The US Treasury’s move this week to replace Andrew Jackson with Harriet Tubman on the front of the $20 bill is significant for a number of reasons, although some, including Donald Trump, have disagreed. First, a woman is replacing a man. Second, a black person is replacing a white person. Third, an abolitionist and anti-slavery activist is replacing a former slaveholder. But there is a fourth and ultimately even more important rationale.
With change afoot in the US currency, it is not difficult to see why Jackson would inspire little loyalty. Though he was a war hero who served as the nation’s seventh president and fought successfully to kill the national bank, he also owned hundreds of slaves, supported the forced relocation of Indian tribes, and helped to install the spoils system in US politics.
Tubman presents a remarkable contrast that makes her seem, at first glance, an unlikely replacement. She was born into slavery and lived in poverty for much of her life. She never learned to read or write. She never commanded an army or won election to any public office. She even suffered from seizures, perhaps as a result of a head injury.
In short, in an age when Americans seem particularly enamored of the rich, powerful, and glamorous, Tubman represents an extraordinary anachronism. She was no Donald Trump billionaire, who said on the Today Show on Thursday that he thinks Tubman is “fantastic” — but added the move to have her replace Jackson is “pure political correctness.”
Tubman also did not aspire to the high political offices of Hillary Clinton, who on Wednesday tweeted: “A woman, a leader, and a freedom fighter. I can’t think of a better choice for the $20 bill than Harriet Tubman.”
And no one tried to keep up with Tubman in the manner of the Kardashians.
Yet in other ways, she was a remarkable human being. An escaped slave, she fought to free other slaves and became one of the nation’s leading abolitionists. At great personal risk, she served as a key figure in the Underground Railroad, helping to lead many to freedom. Testifying to her importance as an opponent of slavery, a fellow abolitionist once dubbed her “Moses.”
She also became one of the leading figures in the nation’s women’s suffrage movement. She pointed to countless acts of selfless courage by women during the Civil War and throughout history as evidence that women could prove just as noble as men. She believed that race and gender revealed nothing about a human being’s worth.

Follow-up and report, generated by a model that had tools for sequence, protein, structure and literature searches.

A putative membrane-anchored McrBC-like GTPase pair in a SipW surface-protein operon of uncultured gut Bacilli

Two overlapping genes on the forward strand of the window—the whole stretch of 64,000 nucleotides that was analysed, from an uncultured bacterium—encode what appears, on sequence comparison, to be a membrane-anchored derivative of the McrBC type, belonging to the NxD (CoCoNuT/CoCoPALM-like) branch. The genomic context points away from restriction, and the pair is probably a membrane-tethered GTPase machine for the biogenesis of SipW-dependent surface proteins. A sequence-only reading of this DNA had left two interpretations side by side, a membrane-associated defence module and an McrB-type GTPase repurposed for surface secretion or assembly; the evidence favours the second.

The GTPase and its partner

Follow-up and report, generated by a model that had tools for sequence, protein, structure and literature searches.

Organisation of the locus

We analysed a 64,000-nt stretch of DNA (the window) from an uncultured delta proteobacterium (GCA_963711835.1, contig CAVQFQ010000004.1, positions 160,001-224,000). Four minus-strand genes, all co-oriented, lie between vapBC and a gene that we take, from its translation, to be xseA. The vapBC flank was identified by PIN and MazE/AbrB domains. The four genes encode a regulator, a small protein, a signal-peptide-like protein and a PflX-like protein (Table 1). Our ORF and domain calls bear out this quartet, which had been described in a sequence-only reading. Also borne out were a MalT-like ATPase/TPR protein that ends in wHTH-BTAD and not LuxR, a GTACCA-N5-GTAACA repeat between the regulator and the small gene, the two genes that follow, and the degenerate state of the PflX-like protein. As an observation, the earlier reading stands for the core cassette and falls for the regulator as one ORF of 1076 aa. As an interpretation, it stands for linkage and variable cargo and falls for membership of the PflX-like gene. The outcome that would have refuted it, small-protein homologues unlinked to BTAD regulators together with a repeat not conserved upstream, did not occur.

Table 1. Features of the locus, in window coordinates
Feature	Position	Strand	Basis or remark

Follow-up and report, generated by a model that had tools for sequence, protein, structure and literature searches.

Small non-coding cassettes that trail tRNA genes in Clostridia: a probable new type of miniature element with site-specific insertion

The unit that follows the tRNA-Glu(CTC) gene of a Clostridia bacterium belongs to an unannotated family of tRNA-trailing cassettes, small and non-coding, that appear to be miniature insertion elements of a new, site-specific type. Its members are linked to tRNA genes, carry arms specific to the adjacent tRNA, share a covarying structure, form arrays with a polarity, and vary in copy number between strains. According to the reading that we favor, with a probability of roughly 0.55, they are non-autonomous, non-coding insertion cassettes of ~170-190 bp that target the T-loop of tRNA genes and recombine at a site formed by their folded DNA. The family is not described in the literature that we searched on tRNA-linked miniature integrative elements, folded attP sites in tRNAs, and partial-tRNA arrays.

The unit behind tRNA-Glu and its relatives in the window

Such contributions shine even more brightly when we recall the many disadvantages and setbacks in life she had to overcome to play her leadership role in US history. In recounting her feelings as she moved from slavery to freedom, she offered one of the most inspiring accounts of the impulse to serve ever uttered by an American:
I had crossed the line of which I had so long been dreaming. I was free; but there was no one to welcome me to the land of freedom. I was a stranger in a strange land, and my home after all was down in the old cabin quarter, with the old folks, and my brothers and sisters. But to this solemn resolution I came; I was free, and they should be free also; I would make a home for them in the North, and the Lord helping me, I would bring them all there.
After serving as a Union Spy, becoming the first woman to lead an armed assault during the Civil War, and working tirelessly to liberate and support former slaves, Tubman was headed home to New York when she was told by a train conductor to move to another car. When she refused, the conductor and other passengers forcibly removed her, breaking her arm in the process.
Here we come to the fourth reason Tubman is a great choice: too many government representatives grace US currencies. Washington, Jefferson, Jackson, Lincoln, and Grant were all US presidents. Alexander Hamilton and Benjamin Franklin, though not, each played huge roles as government leaders – Hamilton as first secretary of the treasury, and Franklin as a diplomat and elder statesman.
There is a natural tendency for the US government to memorialize its own, but many people who never served in any official capacity have played equally important roles in shaping American culture and charting the history of the United States. Consider, for example, Thomas Paine, Harriet Beecher Stowe, Thomas Edison, and Martin Luther King, Jr.
The likes of Tubman remind us that wealth, power, and fame are not essential ingredients in the recipe for a life of significance, the kind that enriches and inspires the lives of others. Many Americans will never be chronicled in the pages of Fortune, but each of us can aspire to lead a life that leaves the world a better place.
The most compelling reason Harriet Tubman belongs on US currency is this: She reminds us that an ordinary person – someone with little money, who holds no lofty political office, commands no army, and lacks natural gifts such as musical talent, and athletic ability – can, through moral imagination and courage, make a difference in the lives of others, even changing the course of history.
Richard Gunderman is chancellor’s professor in the schools of medicine, liberal arts, and philanthropy at Indiana University.